No, we're not.  We, at least most of us, are actively trying to avoid antagonizing those people who might disagree with us on an irrelevant social issue.  It's also why I'm so determined that throwing mindless insults that cover all people in a category is a bad idea, no matter what that category is.  By insulting religious people so generally, what Dawkins is doing is ensuring that the very people who need the education most--those who don't believe in evolution because they only understand the strawman certain religions have put up--will ignore anything he has to say.  He can explain evolution in the most beautiful, accurate language, language which makes it obvious how little you understand the world around you if you don't accept it, and it won't matter.  The people who need the explanation won't listen to him, because he insulted them in the title of his book.
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Offline ka9q

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Re: Tyson, Dawkins, and religion
« Reply #6 on: January 15, 2013, 05:45:40 AM »
I actually agree that we need religious people who understand, accept and can clearly explain evolution simply because so many creationists refuse to even listen to anyone they know (or suspect) to be an atheist or agnostic. That's why Brown biology professor Ken Miller (a Catholic) is such an effective opponent of "intelligent design". (Then again, many fundamentalists don't even consider Catholics -- or anyone who accepts evolution, for that matter -- to be legitimate Christians.)

People like Miller can also make a theological argument for evolution that I could never make (at least not honestly): "Who are you to tell god how he can or can't work?"

That said, Dawkins, as a humanist philosopher and social critic has important things to say about the harmful effects of religion that only an atheist like him can say without being hypocritical. I don't think he really needs to pull any punches; he just needs to be more explicit about whether he's speaking as a biologist or as a philosopher.


« Last Edit: January 15, 2013, 05:53:50 AM by ka9q »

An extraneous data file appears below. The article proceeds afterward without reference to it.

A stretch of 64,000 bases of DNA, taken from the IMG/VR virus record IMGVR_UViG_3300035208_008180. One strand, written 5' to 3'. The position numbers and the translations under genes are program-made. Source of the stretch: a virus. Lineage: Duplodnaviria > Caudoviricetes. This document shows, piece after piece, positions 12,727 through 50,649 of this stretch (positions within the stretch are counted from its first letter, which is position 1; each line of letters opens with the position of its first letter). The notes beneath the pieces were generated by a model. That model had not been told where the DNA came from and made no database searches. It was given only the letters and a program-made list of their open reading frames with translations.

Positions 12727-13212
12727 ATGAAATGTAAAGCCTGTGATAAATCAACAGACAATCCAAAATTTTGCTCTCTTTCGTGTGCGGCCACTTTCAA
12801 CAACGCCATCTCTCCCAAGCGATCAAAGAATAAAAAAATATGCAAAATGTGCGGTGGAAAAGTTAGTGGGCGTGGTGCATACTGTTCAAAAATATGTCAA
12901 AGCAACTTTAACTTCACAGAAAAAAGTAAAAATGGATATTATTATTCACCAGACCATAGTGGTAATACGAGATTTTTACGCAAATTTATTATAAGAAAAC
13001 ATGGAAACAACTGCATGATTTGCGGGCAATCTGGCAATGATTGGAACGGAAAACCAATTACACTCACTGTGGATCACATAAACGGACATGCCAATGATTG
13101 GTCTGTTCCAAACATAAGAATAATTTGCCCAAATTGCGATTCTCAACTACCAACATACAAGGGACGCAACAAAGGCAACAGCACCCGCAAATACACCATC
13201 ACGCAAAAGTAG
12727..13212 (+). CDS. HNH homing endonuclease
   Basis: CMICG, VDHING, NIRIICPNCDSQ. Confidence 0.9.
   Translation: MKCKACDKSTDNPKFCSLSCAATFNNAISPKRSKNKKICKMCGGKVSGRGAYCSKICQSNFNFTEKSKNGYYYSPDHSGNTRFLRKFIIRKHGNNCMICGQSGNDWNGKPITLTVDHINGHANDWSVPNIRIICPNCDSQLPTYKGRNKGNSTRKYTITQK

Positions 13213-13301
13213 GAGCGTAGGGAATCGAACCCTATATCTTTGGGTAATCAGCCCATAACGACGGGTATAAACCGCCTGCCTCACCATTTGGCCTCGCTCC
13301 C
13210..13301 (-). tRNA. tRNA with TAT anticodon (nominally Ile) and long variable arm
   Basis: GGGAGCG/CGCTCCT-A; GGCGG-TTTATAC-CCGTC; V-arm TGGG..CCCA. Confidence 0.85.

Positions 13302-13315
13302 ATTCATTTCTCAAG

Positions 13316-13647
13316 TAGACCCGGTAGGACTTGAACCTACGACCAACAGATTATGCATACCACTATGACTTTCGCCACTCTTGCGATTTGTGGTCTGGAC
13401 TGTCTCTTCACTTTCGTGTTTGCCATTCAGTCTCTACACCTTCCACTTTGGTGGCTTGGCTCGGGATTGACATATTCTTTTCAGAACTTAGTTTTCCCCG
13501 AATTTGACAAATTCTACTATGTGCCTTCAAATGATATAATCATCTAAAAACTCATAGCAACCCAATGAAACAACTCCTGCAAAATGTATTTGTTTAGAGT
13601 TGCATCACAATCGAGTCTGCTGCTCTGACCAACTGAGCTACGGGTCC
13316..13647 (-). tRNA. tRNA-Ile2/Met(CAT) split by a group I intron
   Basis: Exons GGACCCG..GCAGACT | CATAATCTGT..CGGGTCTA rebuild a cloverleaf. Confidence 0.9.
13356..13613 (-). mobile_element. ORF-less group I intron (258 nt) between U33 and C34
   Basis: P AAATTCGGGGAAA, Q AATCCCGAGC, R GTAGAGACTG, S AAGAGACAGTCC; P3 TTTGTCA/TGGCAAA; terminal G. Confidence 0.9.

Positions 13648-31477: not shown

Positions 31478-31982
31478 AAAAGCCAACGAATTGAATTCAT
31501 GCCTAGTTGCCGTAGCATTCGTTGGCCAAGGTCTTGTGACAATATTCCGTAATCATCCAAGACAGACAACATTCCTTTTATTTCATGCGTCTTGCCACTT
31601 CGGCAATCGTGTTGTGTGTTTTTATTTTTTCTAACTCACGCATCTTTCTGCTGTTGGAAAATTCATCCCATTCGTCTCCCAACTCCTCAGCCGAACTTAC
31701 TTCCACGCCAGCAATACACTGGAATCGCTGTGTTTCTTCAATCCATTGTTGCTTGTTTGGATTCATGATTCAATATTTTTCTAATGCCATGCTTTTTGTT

Offline Valis

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Re: Tyson, Dawkins, and religion
« Reply #7 on: January 15, 2013, 07:28:03 AM »
That said, Dawkins, as a humanist philosopher and social critic has important things to say about the harmful effects of religion that only an atheist like him can say without being hypocritical. I don't think he really needs to pull any punches; he just needs to be more explicit about whether he's speaking as a biologist or as a philosopher.
Educating the public is role in which he's seen in popular media. Books like The Blind Watchmaker and God Delusion are part of this role; respectively, they try to tell in easy terms how complexity can arise from simple beginnings and rules, and why a theistic belief is intellectually dishonest. His books targeting the general audience are scientific only in the sense as is Hawking's A Brief History of Time: A simplified overview of the current understanding.

I don't think that any "New Atheist" book can convert a true believer, in the same vein that true Apollo hoax believers can't be converted (cf. Heiwa). However, it's the fence-sitters who can learn the feeble basis of a theistic belief compared to our scientific knowledge, and Dawkins's site has plenty of reader stories about this. Another example is the late Christopher Hitchens, who also had a book with a seemingly insulting title (God Is Not Great) making an impact even among Christian preachers: http://whyevolutionistrue.wordpress.com/2010/03/18/dennett-and-lascola-study-on-nonbelieving-clergy/